“He always gives me all the meaningful options at the end of game,” Finch said. Like, ‘Hey we can get DLo (D’Angelo Russell) out and put in Vando (Jarred Vanderbilt) for defense.’ Or ‘we can get KAT out and we can switch everything.’ But I still have that ‘feel’ quality, that executive decision-making. Like, ‘No, I’m not pulling KAT here.’ But he takes it in stride. He’s got such a great temperament. Even if I’m wrapped up in the game or mad or emotional, whatever, he’s always got the same voice.” 

Ninety-nine out of 100

The other gleaming virtue in Nori’s skill set is player and overall personnel relations. “One of the best I’ve seen,” Finch raved. “He’s funny, he’s direct, he’s disarming. He’s been around a long time — he coached Charles Oakley so he’s not going to be afraid of a third-year pro. His language and his humor get through a lot of the white noise players hear and begin to tune out. 

Early on, Nori adopted one of Butch Carter’s precepts — you can’t tell a player to do something without also telling him why. He admits he has had to have some brutal conversations with different players over the years, including Beasley and Taurean Prince this year; two proud veterans who don’t have a role as large as they might have anticipated or expected.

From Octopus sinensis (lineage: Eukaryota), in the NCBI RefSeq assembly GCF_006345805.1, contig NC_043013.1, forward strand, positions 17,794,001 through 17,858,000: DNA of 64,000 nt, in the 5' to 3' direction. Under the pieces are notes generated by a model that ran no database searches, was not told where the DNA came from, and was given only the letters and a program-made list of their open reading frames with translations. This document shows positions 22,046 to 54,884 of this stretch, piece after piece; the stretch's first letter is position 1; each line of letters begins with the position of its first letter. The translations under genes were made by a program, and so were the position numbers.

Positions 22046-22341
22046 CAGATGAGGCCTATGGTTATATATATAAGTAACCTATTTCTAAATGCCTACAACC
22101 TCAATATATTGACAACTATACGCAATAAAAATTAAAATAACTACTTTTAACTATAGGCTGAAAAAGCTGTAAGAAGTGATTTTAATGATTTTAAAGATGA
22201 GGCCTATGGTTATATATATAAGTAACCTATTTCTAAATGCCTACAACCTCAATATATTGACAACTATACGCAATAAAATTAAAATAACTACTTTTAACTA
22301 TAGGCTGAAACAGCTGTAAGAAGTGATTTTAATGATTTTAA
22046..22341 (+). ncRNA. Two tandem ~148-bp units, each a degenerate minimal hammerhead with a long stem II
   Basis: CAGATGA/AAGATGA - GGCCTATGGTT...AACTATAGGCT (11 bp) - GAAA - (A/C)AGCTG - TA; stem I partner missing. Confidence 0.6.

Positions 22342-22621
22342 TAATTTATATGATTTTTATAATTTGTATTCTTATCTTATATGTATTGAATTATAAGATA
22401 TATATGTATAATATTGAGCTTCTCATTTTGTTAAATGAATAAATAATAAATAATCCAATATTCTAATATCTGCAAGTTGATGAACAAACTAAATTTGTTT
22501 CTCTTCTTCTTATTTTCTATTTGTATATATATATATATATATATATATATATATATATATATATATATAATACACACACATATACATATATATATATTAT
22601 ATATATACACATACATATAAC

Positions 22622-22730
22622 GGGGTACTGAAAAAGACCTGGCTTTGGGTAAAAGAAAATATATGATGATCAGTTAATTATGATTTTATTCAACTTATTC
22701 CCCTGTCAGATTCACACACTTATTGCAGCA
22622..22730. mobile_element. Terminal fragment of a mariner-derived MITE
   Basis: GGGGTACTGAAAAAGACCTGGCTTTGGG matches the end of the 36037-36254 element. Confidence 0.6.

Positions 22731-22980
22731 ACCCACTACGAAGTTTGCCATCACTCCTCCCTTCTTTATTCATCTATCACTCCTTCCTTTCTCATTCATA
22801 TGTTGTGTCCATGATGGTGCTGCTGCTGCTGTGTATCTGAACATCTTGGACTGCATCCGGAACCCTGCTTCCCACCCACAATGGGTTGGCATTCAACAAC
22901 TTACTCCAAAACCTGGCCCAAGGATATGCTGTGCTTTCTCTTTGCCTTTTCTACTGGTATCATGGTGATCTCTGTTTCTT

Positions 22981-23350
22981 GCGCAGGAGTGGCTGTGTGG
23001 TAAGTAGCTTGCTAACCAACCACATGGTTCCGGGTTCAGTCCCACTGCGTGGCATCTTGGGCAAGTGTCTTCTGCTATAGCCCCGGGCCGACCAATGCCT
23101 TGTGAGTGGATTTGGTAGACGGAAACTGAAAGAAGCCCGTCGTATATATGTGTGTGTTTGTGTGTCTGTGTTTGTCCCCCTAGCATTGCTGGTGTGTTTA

“You have to be honest and you have to make sense when you explain to them why we are doing what we are doing. You have to know them as people and understand their situation and your situation. That is the only way you are going to get their trust and that’s what really matters, if they understand you are truly trying to do what is best for them and the team.”

Humor and modesty help. Nori’s ability with language is so adroit that sometimes you wonder if a malapropism is a mistake or a sly joke, as when he told me the difficulty of “putting round holes into square pegs.” 

At the end of the day, it also helps that Nori is a good dude. “Just a wonderful person, able to get along with all colors and kinds of people, and he’s been that way his entire life,” said Carter. “On a human being scale of 100, he is a 99.”

A human being who has a lot of clout in terms of the operation of this roster. After a home game just before the All Star break, I realized I had forgotten my phone in the interview room where the postgame press conference had been held. It took me a while to gain entry back into Target Center. After finding my phone and walking the hallways to get out, there were precious few people to be seen. But there were Chris Finch and Micah Nori, saying goodnight to a member of the communications staff and heading off to their vehicles together, talking basketball.